Dibakar Banerjee: I feel if I say certain things, I will be shot

The Shanghai director speaks about LSD 2, self-censorship, the state of political cinema in the country, and why men are ‘afraid’
Director Dibakar Banerjee; still from LSD 2
Director Dibakar Banerjee; still from LSD 2

The clock hand inches towards 10.30 pm when I get on a call with Dibakar Banerjee. It’s an unusual hour for film interviews to happen (it’s also a Friday night). The director is armed with a rehearsed retort. “I have been working on the film from 9 am to 10 pm." He is busy, giving final touches to Love Sex Aur Dhokha (LSD) 2, the digital-age upgrade to his 2010 found-footage dark satire LSD. The film, just like its predecessor, will have three segments, voyeuristically capturing the absurdity of reality shows, social media and content creation.

In addition to the upcoming release, the Shanghai (2012) director discusses the banes of self-censorship, gives insights on content being created to cater towards the ‘threatened’ male, the state of political cinema in the country and of course, Tees.


What made you go for a sequel to LSD?

Actually, it was Ektaa’s (the film’s producer Ektaa Kapoor) idea. Whenever she and I met, it was always about ‘what should we do next?’ She would suggest LSD 2 and I would say ‘It’s not the time. Thodi aur zindagi jeete hain (Let life happen to us a little more). Around 2020-21, during COVID-19, when the structure for Tees was ready, I realized it was time. I called up Ektaa and said, ‘I guess we have lived enough to make a sequel.’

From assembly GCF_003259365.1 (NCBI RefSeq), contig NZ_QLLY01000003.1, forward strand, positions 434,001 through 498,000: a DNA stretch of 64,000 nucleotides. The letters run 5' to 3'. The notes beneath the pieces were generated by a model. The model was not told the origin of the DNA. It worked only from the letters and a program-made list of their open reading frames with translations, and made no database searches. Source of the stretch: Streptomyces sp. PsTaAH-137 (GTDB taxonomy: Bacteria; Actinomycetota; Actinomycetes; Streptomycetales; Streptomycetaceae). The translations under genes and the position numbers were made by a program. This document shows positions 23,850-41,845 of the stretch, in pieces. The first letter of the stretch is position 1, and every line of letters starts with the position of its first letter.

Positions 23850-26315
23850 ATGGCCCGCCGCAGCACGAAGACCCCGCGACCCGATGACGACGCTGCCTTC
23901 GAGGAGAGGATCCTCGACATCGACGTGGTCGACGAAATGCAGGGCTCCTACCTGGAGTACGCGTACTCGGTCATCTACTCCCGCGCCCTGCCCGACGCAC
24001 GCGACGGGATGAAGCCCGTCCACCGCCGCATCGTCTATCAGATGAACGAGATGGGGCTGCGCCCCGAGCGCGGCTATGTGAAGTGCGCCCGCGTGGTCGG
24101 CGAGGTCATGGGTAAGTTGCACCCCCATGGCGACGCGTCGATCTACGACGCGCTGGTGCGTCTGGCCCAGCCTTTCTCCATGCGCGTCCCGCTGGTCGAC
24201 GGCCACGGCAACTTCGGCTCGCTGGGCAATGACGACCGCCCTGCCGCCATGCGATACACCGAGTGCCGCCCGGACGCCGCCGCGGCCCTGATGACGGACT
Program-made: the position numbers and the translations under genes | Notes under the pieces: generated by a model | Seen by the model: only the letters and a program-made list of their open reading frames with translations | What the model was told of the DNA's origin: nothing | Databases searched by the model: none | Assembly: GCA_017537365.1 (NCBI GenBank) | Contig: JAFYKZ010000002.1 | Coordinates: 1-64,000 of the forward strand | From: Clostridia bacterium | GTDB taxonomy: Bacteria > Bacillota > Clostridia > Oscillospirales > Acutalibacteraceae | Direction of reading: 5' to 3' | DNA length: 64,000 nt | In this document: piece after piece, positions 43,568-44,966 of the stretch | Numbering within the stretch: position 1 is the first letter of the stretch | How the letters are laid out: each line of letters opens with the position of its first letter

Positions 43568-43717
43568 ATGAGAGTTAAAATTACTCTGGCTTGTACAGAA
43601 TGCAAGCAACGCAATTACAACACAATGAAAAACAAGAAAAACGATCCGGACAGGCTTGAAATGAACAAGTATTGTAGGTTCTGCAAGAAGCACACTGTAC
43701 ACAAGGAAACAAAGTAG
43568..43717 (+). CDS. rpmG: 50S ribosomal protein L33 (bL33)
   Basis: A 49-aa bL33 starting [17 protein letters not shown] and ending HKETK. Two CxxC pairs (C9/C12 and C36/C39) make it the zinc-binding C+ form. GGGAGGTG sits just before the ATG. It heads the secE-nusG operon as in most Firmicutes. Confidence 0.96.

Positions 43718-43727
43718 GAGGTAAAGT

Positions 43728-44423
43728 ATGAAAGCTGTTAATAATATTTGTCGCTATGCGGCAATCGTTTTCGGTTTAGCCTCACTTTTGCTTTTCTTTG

It was earlier reported that the release of your film Tees, whose story revolves around a middle-class Muslim family across three generations, has been shelved. What is happening with it now?

I would say it is at a stage of soft burial at Netflix. The OTT platform doesn’t want to release it still and I am running around, searching for buyers that can procure the film from the streamer.

The stalling of a film, how did it affect you?

It’s like, imagine somebody gags you and says from now onwards you are not allowed to speak. Since 2014, I have been warning everybody, asking them to raise a voice against whatever is happening. It is a tragedy and I am being proven right.

I remember the first film in LSD and how scathing it was in its comment on honour killing. In the current environment, do you think LSD 2 can be that political?

I have no idea what it can be. I have actually forgotten LSD and made the sequel as a fresh film. I can say that this film is kind of its own beast, maybe a little more dangerous than its predecessor.

From the trailer of LSD 2, it seems like you are going to address the politics of gender, sexuality, and patriarchy. What made you go for these themes?

I think the biggest political force on the planet today is 'threatened patriarchy'. This has intrigued me for a long time. In cinema, we are seeing the rise of some tropes: the worship of the dictatorial father figure, the omnipotent superhero or the extremely rich and violent man who will save society and the common man. All of these things are happening because men are vulnerable and threatened and are using the levers of power to push back. We are living amidst the last scream of the scared male.

And why do you think men are threatened?